And boy, does my old school need some closure. Imagine 1,200 kids, kindergarten through eighth-grade, jampacked in a building with only three small restrooms. Imagine, out of entire grade levels, the number of kids scoring "proficient" on the Missouri's MAP test in the single digits. Imagine cops herding handcuffed students out the front door and responding to calls to the school almost daily. Imagine a school that for at least three years had no library, playground equipment or a gym - not even textbooks its first year. Imagine a top school official indicted on charges he stole $22,000 from federal funds earmarked for nutrition programs.

Fortunately, there's a silver lining in this busted system. Oh sorry, not if you're a student or parent. But in typical conservative fashion, there's big money to be made here in warehousing inner-city kids whose parents were hoping for something better. Apparently you don't even have to teach them much. Hell, they're not really even kids to these coporate executives, who aren't shy about packing 30 of them into a room. Just think of them as little walking bundles of cash, courtesy of the taxpayers.

And now, thanks to the Ayn Randers who concocted this scheme and the politicians and bueaucrats who allow it perpetuate, we now have not only one broken-down education system, but two. Apparently, they're both here to stay.

And now for something completely different:

I think enough has been said about the Newsweek/Quran-flushing scandal that my erudite opinion is hardly called for. Instead I'll just applaud Frank Rich's column on the matter in today's New York Times and let you read it for yourself. Just click the link below. You'll probably need to register, but it's free.


Saturday, May 21, 2005


As if the world needed one more opinionated loudmouth

I can't believe I'm doing this.

Until about a year ago, I had never even heard of a weblog. And the more I heard about it, the less impressed I was with the very idea. What a bunch of crap, I thought upon learning that anyone anywhere could post daily personal reflections for public consumption. As if anyone anywhere else would give a rat's behind.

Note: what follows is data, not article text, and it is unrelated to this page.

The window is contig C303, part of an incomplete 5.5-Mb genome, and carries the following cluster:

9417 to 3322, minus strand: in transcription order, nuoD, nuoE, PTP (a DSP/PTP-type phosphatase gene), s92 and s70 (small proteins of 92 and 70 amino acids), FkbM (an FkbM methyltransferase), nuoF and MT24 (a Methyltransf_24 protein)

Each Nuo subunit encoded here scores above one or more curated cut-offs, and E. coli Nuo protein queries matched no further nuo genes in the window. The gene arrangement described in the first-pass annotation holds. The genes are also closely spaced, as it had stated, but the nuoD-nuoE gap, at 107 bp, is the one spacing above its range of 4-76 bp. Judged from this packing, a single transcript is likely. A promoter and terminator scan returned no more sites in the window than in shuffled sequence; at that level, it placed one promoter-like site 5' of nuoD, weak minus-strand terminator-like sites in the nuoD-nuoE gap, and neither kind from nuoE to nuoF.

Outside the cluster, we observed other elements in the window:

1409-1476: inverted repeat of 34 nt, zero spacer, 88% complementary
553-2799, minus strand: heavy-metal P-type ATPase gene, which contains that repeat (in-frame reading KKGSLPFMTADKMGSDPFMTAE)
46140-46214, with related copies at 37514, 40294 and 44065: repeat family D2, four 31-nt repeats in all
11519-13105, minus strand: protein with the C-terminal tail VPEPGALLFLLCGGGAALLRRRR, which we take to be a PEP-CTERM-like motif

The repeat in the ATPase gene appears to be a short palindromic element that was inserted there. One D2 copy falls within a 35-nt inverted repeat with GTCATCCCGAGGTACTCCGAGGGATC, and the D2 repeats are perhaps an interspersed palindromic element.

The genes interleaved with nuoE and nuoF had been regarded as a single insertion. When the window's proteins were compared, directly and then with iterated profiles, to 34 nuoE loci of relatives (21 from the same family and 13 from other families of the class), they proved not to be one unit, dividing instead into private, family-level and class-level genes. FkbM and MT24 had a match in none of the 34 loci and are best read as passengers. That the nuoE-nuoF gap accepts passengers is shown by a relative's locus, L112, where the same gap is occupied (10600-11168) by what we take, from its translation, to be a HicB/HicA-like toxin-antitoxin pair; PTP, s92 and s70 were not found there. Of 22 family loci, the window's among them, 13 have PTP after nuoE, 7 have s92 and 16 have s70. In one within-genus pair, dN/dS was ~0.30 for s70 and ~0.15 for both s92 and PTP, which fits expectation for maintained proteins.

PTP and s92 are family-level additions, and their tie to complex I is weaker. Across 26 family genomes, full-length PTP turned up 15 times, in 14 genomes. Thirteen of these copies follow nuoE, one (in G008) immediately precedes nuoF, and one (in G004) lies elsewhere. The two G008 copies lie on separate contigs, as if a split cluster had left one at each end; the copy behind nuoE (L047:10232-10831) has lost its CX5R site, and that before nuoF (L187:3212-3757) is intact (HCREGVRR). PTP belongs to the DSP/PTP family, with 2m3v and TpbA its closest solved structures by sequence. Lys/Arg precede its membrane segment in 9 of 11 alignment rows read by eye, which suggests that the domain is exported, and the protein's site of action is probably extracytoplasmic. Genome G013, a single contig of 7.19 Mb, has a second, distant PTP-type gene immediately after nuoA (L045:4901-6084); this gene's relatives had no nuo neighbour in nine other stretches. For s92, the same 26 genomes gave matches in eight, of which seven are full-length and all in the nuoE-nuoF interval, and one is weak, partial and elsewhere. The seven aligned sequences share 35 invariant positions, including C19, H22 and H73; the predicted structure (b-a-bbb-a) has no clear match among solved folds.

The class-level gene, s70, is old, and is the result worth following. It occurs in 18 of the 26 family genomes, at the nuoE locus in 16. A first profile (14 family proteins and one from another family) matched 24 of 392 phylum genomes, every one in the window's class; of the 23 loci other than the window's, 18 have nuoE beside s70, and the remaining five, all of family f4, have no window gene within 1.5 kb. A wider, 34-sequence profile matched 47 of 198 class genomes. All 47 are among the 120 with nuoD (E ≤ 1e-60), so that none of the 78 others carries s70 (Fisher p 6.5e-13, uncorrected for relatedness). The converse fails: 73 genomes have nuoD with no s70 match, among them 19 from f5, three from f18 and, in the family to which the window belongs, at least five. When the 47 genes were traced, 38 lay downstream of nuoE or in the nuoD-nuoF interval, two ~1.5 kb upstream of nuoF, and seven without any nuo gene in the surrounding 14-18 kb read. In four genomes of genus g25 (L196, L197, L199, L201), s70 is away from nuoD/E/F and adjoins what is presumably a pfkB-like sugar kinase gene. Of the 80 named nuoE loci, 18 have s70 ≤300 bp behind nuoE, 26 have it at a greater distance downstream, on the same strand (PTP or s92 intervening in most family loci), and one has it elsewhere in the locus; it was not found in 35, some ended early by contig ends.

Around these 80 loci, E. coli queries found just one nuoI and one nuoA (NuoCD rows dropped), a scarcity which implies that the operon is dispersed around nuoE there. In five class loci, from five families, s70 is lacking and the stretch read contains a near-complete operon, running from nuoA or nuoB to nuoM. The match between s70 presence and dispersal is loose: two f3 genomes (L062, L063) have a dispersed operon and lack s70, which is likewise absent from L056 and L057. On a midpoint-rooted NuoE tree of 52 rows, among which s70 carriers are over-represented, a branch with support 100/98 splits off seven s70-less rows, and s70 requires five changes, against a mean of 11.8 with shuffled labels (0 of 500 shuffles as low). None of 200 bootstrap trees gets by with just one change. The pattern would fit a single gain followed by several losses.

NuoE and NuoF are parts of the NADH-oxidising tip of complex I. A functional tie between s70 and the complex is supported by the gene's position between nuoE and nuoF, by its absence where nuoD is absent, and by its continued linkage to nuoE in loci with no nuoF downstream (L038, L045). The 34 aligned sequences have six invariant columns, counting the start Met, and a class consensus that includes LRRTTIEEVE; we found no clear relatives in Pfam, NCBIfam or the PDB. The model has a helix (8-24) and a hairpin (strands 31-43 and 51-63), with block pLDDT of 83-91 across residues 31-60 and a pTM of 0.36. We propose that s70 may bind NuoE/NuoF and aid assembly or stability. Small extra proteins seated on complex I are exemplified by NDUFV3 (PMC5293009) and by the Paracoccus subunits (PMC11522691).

To be sure, I considered blogging to be the most self-absorbed, self-important waste of time for losers of all stripes. Now fringe conspiracy kooks could deny the Holocaust or rant about returning to the gold standard. Limbaugh dittoheads could mouth off screeds against Barbra Streisand and Jane Fonda. Star Trek geeks could write verse in Klingon. And wannabe urban hipsters could name-drop and show off pictures of their black-clad friends.

Yet, here I am, joining in as another voice in the cacophany. You see, I'm mad as hell, and I want to make a lot of noise.

We live in a country in which all but a small elite group are cheated by a government that caters only to the megawealthy and large corporations. We're getting screwed by grossly regressive taxes, the theft of Social Security, a governement bureaucracy actively indifferent to the needs of average Americans, and history's largest bottom-up redistribution of wealth. Too few of us seem to either know or care.

Some sell out their vital interests to platitudes and fake outrage over nonissues like school prayer, tenured radicals and wardrobe malfunctions. Others overestimate their position on the food chain; I make $80,000 a year, they say, so I must be a Master of the Universe. Still others aren't even tuned in, opting instead to focus their attention on watching Survivor, playing video games and doing God-knows-what-else while their family's future is at stake.

Meanwhile a right-wing alliance of corporate money, think-tanks and a vocal media propaganda machine have just about turned our country into an oligarchy. The bad guys are winning folks, and many of you don't even realize it.

I'm not sure what can be done. I know that offering up one more blog is but a pathetically small gesture. Yet I believe that if I make a little noise and you make a little noise and others join us, something really great could happen.

Maybe you don't give a rat's behind. Maybe you should.